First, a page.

According to CNBC, the 2024 Automotive Outlook predicts Chinese automakers will achieve a 3% market share in North America, mostly in Mexico where one in five vehicles are expected to be Chinese brands by 2030. In most other major regions of the world, AlixPartners says the share of Chinese automakers is expected to grow exponentially. Those areas include Central and South America, Southeast Asia, the Middle East, and Africa.

Chinese brands in China are expected to grow from 59% to 72% in market share. Legacy automakers such as General Motors have lost significant ground in China in recent years amid the rapid rise of domestic brands such as BYD, Geely, NIO, and Xpeng. In Europe, where Chinese automakers have quickly grown in recent years, the market share of Chinese automotive brands is expected to double from 6% to 12% by 2030, according to the 2024 report. Forbes adds that the 2024 report shows Chinese brands have a 35% cost advantage and have the flexibility in Europe and other regions to lower prices to offset tariffs. The brands have lower labor costs and high vertical integration “from raw materials to component suppliers to final assembly to selling to other automakers.”

Among the findings in the 2024 AlixPartners report is that Chinese EV manufacturers have ripped up the playbook related to vehicle development time, creating new products in half the time — 20 months vs. 40 months — mainly by designing and testing to sufficiently meet standards vs. over-engineering. Chinese models are 2 to 3 years fresher than non-China brands, averaging only 1.6 years in the market. Further smoothing the path for export is the quick ramp-up of overseas shipping capacity, which has prompted Chinese automakers to secure their own transport capacity. In addition, Chinese companies utilize a direct-to-consumer sales approach, which promotes a unified and transparent customer experience. These automakers use multiple channels for marketing and sales, resulting in higher consumer engagement.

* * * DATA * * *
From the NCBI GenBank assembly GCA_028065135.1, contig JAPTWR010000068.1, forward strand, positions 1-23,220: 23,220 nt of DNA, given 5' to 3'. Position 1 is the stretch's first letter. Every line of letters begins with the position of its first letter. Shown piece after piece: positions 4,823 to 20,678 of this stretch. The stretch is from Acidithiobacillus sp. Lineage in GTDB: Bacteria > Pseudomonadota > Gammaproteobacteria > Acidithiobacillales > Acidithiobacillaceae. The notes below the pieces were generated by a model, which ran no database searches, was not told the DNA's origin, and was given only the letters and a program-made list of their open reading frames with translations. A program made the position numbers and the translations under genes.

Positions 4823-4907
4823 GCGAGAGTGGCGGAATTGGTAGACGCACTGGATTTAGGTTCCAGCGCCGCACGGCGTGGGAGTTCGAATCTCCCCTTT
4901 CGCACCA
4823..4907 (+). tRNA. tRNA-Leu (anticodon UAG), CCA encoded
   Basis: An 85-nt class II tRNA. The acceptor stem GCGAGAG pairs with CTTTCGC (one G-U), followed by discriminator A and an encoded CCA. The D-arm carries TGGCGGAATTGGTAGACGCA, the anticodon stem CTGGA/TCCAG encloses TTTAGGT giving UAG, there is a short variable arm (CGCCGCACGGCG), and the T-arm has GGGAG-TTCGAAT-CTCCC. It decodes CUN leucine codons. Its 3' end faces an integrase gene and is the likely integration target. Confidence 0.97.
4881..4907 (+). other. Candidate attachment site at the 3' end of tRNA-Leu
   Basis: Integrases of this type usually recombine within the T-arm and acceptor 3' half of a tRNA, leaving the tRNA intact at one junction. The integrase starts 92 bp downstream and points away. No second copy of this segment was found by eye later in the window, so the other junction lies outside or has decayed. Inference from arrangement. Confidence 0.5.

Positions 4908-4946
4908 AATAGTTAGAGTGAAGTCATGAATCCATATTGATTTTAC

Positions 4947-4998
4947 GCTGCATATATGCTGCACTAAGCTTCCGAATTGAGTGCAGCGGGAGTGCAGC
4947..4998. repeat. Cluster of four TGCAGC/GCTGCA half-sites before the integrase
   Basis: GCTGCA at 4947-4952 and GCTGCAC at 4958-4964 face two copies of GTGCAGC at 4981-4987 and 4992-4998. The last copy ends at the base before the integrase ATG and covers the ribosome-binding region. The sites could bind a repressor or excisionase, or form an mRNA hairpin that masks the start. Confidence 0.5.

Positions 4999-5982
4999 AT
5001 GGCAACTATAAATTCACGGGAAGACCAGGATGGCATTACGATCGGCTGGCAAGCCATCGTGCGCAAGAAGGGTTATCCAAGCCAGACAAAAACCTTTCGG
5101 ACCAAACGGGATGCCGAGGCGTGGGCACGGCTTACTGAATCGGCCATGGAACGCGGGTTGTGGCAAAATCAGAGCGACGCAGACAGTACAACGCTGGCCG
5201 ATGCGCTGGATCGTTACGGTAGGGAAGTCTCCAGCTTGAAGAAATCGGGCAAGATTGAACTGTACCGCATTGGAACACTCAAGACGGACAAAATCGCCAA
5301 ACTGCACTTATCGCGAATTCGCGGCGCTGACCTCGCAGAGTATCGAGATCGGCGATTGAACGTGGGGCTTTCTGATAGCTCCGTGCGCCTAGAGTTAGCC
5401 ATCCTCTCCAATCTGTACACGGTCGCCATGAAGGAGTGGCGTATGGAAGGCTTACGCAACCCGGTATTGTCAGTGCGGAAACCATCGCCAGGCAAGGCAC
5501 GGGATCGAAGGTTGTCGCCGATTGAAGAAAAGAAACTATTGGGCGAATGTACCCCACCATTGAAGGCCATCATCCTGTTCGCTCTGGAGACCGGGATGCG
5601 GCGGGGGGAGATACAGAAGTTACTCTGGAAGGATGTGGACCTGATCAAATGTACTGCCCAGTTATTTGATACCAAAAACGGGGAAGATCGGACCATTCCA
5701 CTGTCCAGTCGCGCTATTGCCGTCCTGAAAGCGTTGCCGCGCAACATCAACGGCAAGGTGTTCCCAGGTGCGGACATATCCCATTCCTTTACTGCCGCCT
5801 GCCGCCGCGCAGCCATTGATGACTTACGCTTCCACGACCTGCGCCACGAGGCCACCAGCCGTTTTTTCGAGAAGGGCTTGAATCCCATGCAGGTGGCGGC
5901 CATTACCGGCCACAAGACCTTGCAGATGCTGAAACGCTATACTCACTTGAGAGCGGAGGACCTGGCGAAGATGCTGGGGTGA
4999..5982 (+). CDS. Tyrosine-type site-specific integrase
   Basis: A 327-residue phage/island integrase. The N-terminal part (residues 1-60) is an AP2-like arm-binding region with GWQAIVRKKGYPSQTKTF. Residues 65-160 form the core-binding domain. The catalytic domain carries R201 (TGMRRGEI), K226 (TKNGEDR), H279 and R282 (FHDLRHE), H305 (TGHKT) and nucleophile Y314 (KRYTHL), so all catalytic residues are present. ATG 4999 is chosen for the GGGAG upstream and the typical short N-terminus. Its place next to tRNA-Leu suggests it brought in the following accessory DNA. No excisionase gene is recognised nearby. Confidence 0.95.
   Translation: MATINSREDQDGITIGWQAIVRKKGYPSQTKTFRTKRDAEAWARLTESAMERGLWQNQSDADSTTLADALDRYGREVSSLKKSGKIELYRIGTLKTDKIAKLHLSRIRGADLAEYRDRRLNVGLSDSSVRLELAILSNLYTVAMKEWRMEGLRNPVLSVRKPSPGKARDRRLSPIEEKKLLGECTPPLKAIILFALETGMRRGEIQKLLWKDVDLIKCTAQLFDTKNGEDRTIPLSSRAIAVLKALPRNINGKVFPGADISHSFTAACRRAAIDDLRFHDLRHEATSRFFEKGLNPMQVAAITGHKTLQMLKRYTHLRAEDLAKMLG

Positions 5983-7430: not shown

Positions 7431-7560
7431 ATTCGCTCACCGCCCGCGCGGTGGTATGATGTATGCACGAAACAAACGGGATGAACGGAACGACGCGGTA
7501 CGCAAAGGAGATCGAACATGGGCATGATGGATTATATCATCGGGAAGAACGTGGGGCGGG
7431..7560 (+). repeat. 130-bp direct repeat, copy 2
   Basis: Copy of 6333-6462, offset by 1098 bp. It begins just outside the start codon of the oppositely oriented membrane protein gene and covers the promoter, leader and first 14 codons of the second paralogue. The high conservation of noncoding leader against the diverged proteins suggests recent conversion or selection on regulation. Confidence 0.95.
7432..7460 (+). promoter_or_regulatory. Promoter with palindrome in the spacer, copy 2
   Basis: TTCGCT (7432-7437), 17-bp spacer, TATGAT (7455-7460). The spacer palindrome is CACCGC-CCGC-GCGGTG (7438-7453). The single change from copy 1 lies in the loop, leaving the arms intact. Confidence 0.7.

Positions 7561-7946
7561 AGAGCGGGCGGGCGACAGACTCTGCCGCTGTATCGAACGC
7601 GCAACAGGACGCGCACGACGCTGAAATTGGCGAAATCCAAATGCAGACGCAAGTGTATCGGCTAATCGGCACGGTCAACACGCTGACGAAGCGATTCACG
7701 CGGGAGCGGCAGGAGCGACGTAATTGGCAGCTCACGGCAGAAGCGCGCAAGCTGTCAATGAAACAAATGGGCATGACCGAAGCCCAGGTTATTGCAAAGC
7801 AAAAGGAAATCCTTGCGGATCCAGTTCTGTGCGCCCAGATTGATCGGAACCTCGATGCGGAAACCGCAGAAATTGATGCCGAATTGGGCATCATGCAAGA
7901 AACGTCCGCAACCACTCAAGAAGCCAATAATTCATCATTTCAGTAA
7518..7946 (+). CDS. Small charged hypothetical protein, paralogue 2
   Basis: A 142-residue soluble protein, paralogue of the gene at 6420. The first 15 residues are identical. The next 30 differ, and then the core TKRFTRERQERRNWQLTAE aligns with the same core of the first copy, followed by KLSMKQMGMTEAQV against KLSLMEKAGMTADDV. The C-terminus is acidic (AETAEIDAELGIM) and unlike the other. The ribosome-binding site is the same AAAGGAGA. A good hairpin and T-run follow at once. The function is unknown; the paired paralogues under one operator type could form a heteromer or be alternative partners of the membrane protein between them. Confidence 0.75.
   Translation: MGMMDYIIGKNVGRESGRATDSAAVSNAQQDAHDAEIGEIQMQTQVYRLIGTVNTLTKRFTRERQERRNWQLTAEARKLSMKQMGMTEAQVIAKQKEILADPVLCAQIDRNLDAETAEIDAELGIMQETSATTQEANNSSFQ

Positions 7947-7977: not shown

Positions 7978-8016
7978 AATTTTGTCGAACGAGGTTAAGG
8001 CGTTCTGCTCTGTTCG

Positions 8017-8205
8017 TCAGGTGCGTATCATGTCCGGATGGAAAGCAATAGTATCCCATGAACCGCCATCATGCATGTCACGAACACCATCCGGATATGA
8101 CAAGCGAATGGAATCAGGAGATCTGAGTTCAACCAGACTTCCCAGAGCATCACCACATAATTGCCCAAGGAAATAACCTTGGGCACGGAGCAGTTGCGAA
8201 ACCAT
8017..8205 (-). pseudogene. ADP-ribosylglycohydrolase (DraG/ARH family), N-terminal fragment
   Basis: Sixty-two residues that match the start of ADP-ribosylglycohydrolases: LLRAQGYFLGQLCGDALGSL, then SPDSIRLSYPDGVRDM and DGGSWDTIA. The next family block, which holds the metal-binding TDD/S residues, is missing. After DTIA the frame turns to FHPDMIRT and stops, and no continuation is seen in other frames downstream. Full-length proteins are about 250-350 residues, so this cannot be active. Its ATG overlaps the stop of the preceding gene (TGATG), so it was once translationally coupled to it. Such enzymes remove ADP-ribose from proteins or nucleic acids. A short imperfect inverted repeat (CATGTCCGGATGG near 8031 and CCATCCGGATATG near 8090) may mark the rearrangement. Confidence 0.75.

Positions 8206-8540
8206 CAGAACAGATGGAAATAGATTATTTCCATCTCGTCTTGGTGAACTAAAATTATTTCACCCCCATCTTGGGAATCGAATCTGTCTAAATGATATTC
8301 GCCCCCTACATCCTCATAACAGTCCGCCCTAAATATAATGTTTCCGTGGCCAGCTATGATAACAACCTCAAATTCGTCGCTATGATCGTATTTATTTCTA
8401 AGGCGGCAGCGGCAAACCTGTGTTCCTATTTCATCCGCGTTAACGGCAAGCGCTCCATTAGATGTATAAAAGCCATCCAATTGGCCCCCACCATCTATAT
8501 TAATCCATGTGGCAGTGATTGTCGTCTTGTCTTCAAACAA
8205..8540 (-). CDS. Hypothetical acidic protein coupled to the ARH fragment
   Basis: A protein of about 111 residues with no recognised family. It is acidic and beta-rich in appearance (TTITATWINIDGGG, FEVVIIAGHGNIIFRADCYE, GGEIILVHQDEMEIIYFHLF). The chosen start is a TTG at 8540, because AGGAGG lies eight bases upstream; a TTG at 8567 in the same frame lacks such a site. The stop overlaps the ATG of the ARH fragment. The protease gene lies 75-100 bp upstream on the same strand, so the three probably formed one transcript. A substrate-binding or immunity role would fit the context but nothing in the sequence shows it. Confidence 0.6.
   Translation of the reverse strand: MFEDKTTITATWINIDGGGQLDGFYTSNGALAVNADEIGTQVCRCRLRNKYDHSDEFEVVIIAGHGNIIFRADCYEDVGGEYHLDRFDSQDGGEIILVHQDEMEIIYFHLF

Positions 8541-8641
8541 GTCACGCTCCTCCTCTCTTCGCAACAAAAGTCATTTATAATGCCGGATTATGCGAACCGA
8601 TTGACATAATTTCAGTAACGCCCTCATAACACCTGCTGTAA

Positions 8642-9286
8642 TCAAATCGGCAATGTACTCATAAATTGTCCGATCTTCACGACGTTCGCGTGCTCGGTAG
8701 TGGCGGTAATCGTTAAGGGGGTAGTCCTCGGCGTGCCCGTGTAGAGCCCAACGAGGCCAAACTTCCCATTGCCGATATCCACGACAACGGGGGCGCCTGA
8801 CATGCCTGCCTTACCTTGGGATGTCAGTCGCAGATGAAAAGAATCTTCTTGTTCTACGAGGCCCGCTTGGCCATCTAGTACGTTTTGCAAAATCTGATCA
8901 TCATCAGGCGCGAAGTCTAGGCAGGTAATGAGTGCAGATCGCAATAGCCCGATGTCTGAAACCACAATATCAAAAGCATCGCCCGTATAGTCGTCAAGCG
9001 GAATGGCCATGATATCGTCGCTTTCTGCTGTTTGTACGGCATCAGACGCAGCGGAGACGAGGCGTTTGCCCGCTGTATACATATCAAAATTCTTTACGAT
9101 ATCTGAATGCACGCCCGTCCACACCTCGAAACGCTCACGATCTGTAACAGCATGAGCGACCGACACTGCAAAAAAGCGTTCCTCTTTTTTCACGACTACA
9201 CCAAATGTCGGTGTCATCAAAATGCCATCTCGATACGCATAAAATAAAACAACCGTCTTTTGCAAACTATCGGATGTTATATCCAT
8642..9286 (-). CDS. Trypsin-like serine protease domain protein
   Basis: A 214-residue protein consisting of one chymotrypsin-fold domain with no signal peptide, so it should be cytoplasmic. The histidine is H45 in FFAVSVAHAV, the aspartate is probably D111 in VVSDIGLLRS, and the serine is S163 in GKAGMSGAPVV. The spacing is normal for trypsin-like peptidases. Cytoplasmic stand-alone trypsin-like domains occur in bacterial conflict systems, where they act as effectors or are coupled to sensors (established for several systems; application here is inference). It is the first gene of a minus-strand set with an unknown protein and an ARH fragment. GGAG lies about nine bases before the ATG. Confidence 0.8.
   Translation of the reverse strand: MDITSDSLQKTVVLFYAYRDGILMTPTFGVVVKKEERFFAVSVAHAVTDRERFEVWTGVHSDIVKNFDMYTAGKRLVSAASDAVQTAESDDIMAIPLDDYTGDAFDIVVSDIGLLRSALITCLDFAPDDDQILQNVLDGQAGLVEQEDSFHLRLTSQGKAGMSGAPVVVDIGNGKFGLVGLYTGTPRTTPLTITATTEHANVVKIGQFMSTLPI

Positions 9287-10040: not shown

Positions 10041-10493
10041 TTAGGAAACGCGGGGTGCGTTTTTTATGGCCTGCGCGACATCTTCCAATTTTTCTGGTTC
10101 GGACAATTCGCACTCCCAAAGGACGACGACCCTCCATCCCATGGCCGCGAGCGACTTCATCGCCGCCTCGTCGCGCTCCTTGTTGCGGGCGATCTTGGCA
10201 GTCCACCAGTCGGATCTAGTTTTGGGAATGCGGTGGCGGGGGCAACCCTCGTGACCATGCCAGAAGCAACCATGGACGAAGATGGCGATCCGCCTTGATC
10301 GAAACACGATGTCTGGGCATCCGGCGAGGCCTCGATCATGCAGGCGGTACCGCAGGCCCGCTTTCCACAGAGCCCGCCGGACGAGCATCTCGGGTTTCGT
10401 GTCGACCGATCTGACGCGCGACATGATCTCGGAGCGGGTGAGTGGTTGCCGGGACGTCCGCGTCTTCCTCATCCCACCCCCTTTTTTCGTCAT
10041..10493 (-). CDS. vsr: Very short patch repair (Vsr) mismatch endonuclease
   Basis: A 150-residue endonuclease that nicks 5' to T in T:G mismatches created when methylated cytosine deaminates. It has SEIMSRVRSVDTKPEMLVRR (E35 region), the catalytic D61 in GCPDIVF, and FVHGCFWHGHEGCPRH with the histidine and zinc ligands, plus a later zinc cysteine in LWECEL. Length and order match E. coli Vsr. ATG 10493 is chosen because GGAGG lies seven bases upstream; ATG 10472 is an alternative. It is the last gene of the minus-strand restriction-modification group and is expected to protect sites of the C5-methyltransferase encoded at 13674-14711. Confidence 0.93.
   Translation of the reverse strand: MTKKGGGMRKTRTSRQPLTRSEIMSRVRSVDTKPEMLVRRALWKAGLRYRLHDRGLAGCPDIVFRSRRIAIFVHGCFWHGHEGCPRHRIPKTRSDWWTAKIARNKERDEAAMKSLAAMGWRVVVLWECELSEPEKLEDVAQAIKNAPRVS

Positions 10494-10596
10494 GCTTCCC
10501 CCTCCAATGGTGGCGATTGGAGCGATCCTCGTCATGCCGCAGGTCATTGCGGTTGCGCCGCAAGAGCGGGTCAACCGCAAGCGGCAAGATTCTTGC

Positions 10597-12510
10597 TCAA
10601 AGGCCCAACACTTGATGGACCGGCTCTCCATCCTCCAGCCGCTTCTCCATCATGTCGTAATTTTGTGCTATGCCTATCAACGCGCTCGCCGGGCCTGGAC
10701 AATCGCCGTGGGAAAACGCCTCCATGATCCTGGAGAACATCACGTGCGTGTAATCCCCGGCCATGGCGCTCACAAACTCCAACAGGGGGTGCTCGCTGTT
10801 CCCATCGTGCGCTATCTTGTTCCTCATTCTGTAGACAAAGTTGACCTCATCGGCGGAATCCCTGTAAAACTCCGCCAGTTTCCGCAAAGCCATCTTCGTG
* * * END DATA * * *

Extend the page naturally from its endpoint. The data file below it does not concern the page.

“The trends we studied point to a world where [new energy vehicles] are increasingly dominant, Chinese brands are increasingly prevalent, and traditional automakers, suppliers, fleets, dealers, and others are increasingly pressured to reinvent,” Wakefield said. “While we’ve long heralded the virtues of being more nimble, flexible, and adaptable, now is the time to approach those priorities with a greater sense of urgency and openness to new partnerships, operating principles, and expectations.”

Other key findings in the AlixPartners 2024 Global Automotive Outlook include:

  • Battery packs, making up 35% of vehicle costs, are rapidly becoming more economical through chemistry innovation and materials price reductions.
  • Raw material costs are declining overall, but ICE vehicles maintain a huge advantage. BEV material costs remain 85% higher than ICE counterparts.

The Takeaway

The likely dominance of the world new car market by Chinese companies is one of the expected benefits of more than $230 billion in direct and indirect subsidies by the Chinese government over the past decade. Whether one thinks those subsidies are fair or not, they happened and the Chinese auto industry is now about to reap the benefits. Erecting tariff barriers may serve some purpose — such as preventing an implosion of domestic production and the loss of hundreds of thousands of jobs — but it clearly is not a long-term solution.

Some may say the market for electric cars is shrinking and that some EV drivers are going back to conventional cars because they are frustrated by how difficult it is to find public chargers, but clearly, AlixPartners does not foresee the world at large turning its back on electric cars, especially low-cost examples from Chinese manufacturers.


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Steve Hanley

Steve writes about the interface between technology and sustainability from his home in Florida or anywhere else The Force may lead him. He is proud to be "woke" and doesn't really give a damn why the glass broke. He believes passionately in what Socrates said 3000 years ago: "The secret to change is to focus all of your energy not on fighting the old but on building the new." You can follow him on Substack and LinkedIn but not on Fakebook or any social media platforms controlled by narcissistic yahoos.